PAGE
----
How Does Soil Damage Carpet?
Your carpets may look clean, but when you get right down into it you may be surprised. The process of soiling happens so gradually that most people don't even notice it. A truly clean carpet has a brightness to it which is dulled over the years as dirt settles from the top of the carpet pile deep into the foundation.
It's estimated that about 80% of all soil that collects on carpets consists of sand and dry particulate matter. This is generally gritty and abrasive and can contribute to the wearing of your carpet. If it's not removed loose soil will work its way to the bottom of the carpet pile. Then as you and your pets move across the carpet the soil's sharp edges cut against the fibers...and if it's deep in the carpet is can actually cut off fibers from the bottom. This causes the pile to thin and contributes to obvious wear patterns in the carpet.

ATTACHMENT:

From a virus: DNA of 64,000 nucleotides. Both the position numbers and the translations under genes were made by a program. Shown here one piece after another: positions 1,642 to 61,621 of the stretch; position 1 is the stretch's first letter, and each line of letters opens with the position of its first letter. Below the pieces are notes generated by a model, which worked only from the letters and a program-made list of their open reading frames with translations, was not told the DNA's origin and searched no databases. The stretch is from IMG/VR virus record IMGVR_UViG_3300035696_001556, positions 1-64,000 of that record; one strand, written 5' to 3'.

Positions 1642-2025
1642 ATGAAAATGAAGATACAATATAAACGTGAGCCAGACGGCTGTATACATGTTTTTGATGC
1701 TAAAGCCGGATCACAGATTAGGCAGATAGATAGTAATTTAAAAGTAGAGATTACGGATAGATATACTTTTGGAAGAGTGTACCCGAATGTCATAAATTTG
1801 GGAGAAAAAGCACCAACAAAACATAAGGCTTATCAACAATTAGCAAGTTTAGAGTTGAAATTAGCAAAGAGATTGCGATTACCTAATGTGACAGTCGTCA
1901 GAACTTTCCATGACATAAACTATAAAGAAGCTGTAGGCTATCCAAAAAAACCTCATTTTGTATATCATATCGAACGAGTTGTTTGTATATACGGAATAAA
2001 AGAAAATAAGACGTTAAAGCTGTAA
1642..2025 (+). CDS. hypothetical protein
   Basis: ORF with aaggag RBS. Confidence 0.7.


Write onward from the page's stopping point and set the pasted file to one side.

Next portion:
There are ways to counteract the wearing effects of this gritty particulate matter on your carpets. The most important is to vacuum your carpets regularly. Once a week is a good amount but if you have pets or kids twice a week would be ideal.
Another is to take off your shoes at the entryway of your home...your shoes pick up a lot of particulate matter from the outside which can get tracked through your home, some of which could be mold and other outdoor bacteria that is better left outside.
A third is to have an application of Green Guard (or Scotchguard) to your carpets when you get them professionally cleaned. It protects your carpets by creating a "shield" around each carpet fiber. This helps prevent dirt from being ground into the carpet and protects it from the sharp edges of the dirt.